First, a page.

Published on May 23rd, 20130
Everything’s in a (road’s) name
Your elected representatives in the BMC are asking more questions about road renaming, rather than things like repairs and sanitation.
by The Editors | firstname.lastname@example.org
The monsoons should be upon us in the next month, and the Brihanmumbai Municipal Corporation (BMC) is working hard to repair roads that are riddled with potholes and need general repairs. With more and more complaints coming from the citizens, it logically follows that the city’s elected representatives – its municipal councillors – will also take most of the complaints from their wards to the ward committee meetings.
A white paper released recently by NGO Praja Foundation recently reveals that of the questions raised by municipal councillors based on citizens’ complaints, the maximum numbers of questions pertained to renaming of roads and chowks in the city. The paper, titled White Paper On Report Of Working Of Ward Committees In The City Of Mumbai And Civic Problems Registered By Citizens, sheds light on the complaints by citizens against the quality and quantity of related questions asked by councillors in the BMC ward committee meetings. “The maximum number of questions asked by elected representatives in ward committee meetings during the year 2012 were on renaming of roads and chowks – a hefty 127 questions!” says the summary accompanying the paper.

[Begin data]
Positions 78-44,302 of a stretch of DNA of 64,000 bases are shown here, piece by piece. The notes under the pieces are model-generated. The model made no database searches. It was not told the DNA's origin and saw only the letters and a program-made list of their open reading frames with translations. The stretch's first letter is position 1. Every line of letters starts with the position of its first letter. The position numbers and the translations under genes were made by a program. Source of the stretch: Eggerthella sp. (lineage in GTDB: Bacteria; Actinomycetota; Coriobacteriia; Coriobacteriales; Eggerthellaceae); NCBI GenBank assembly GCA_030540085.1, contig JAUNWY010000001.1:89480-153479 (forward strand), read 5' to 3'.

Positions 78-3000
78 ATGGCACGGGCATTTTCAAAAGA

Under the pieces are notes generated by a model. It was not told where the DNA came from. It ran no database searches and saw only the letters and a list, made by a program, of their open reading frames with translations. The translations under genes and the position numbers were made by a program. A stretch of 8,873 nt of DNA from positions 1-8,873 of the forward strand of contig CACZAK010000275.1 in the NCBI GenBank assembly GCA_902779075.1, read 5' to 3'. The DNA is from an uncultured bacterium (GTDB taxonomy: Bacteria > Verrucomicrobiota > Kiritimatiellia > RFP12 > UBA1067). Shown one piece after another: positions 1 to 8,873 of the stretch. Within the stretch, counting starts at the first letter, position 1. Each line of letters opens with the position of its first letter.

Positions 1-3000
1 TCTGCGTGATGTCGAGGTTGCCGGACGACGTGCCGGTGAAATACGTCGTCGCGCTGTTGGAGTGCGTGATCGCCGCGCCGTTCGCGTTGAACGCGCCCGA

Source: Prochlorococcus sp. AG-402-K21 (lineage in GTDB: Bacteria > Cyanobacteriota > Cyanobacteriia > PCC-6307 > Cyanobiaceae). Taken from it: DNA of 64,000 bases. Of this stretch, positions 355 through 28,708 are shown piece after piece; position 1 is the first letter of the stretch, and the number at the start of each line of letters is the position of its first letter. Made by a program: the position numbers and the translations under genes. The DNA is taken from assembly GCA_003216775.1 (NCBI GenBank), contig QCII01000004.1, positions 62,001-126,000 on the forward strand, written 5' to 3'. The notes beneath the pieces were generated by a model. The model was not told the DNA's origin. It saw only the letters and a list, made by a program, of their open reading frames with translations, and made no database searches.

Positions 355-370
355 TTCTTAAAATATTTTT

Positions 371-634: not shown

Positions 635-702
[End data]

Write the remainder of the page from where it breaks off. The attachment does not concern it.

The last such study was conducted by Praja in 2010, to similar results. “Some four years ago, when Praja Foundation had issued a White Paper on civic issues, we had found it shocking that of the plethora of problems facing the city of Mumbai, the maximum number of questions asked by the municipal councillors were on the renaming of roads,” the summary says. “In the calender year 2012, BMC received 29,852 complaints related to roads, potholes etc. The 227 elected representatives together asked 100 questions on roads, repairs, etc. However, the maximum number of questions asked by elected representatives in ward committee meetings during this year were on renaming of roads and chowks,” the paper adds.
“Unless municipal councillors learn to interpret data and raise valid, pertinent questions in the ward committee meetings, they are falling far short of the expectations the citizens elected them for. Should our elected representatives be taking the Corporation to task over the citizen’s complaints or should they be only asking the Municipal Commissioner to change names of roads and chowks?”
Incidentally, citizens have complained the most about roads in 2012 – there were 29,852 complaints received (as against 5,177 complaints in 2011). There were 16,194 complaints about drainage, 6,562 complaints against solid waste management and 6,215 water supply complaints.
(Pictures courtesy www.mid-day.com, mumbai-pushpa.blogspot.com)